The discovery of gold biscuits in the rectum of a Sri Lankan national on Monday has once again highlighted the high security risk at airports in the absence of doorframe metal detectors and body scanners that can spot metals as well as explosives and drugs.
Currently, the Customs have doorframe metal detectors in the departure area but no body scanners, sources in the department said.
They said a proposal for six doorframe metal detectors for the six green channel exit points at the Chhatrapati Shivaji International Airport has been gathering dust for more than three years.
“The proposal is sent to the Central Board of Excise and Customs (CBEC) every month, but there is no action so far,” said an officer requesting anonymity.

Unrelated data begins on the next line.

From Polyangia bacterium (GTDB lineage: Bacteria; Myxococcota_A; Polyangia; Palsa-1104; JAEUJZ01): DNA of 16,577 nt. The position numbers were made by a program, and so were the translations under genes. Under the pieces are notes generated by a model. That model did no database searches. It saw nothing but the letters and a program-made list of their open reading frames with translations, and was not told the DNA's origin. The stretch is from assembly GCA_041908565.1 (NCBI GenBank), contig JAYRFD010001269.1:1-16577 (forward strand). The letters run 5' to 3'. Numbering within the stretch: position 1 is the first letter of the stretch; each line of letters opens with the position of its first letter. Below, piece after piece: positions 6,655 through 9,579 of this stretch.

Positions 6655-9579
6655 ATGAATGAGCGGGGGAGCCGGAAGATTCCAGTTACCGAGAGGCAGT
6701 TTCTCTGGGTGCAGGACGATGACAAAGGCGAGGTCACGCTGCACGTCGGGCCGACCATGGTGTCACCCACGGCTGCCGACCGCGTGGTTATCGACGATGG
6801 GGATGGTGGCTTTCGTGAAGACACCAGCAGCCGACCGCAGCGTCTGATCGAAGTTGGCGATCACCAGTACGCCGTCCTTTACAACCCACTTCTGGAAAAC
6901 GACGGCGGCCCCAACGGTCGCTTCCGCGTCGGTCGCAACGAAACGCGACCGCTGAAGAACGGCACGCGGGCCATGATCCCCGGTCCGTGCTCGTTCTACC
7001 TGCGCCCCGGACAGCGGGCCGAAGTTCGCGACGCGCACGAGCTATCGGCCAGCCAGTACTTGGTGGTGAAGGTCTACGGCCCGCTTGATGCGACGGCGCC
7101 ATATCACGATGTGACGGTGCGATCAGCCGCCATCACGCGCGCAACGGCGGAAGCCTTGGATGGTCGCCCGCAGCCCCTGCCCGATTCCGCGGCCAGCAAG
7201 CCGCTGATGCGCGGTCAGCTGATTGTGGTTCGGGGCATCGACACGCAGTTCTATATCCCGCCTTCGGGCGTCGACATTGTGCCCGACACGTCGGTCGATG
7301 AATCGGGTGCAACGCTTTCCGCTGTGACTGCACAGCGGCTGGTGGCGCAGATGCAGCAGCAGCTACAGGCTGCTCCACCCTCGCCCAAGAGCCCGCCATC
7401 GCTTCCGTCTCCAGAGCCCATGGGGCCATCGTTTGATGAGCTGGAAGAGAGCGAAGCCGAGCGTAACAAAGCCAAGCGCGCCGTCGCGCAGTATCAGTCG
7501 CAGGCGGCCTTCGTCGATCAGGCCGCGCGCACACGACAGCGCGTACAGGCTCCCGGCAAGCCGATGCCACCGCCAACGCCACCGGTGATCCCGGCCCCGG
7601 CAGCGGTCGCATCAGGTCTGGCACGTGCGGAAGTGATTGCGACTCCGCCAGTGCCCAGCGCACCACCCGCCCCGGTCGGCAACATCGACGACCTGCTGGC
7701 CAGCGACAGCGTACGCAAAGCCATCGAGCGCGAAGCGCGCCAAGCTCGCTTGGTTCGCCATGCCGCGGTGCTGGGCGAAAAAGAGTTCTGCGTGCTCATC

At present, for body concealment, Customs officials depend on intelligence inputs, passenger profiling and observation of passengers coming from countries that are on the sensitive category list to detect contraband.
“We have borrowed two doorframe metal detectors from Mumbai International Airport Pvt Limited (MIAL) that are kept at two exits. But, we don’t have any of our own,” the official said.
He said these detectors only served the purpose when the two green channel exits were used.
“For others, we don’t have any such detectors,” the official said.
In the recent case on Monday, Mumbai Customs’ Air Intelligence Unit (AIU) officials found the five gold biscuits in Abdul Rehman Jaljahan’s rectum only because they thought his movements were suspicious and because of passenger profiling.
“Had there been a doorframe metal detector, it would have beeped the moment he entered the green channel area,” the officer said.
When contacted, commissioner of Customs, airport, PM Saleem, said the Customs was in the process of procuring its own doorframe metal detectors.”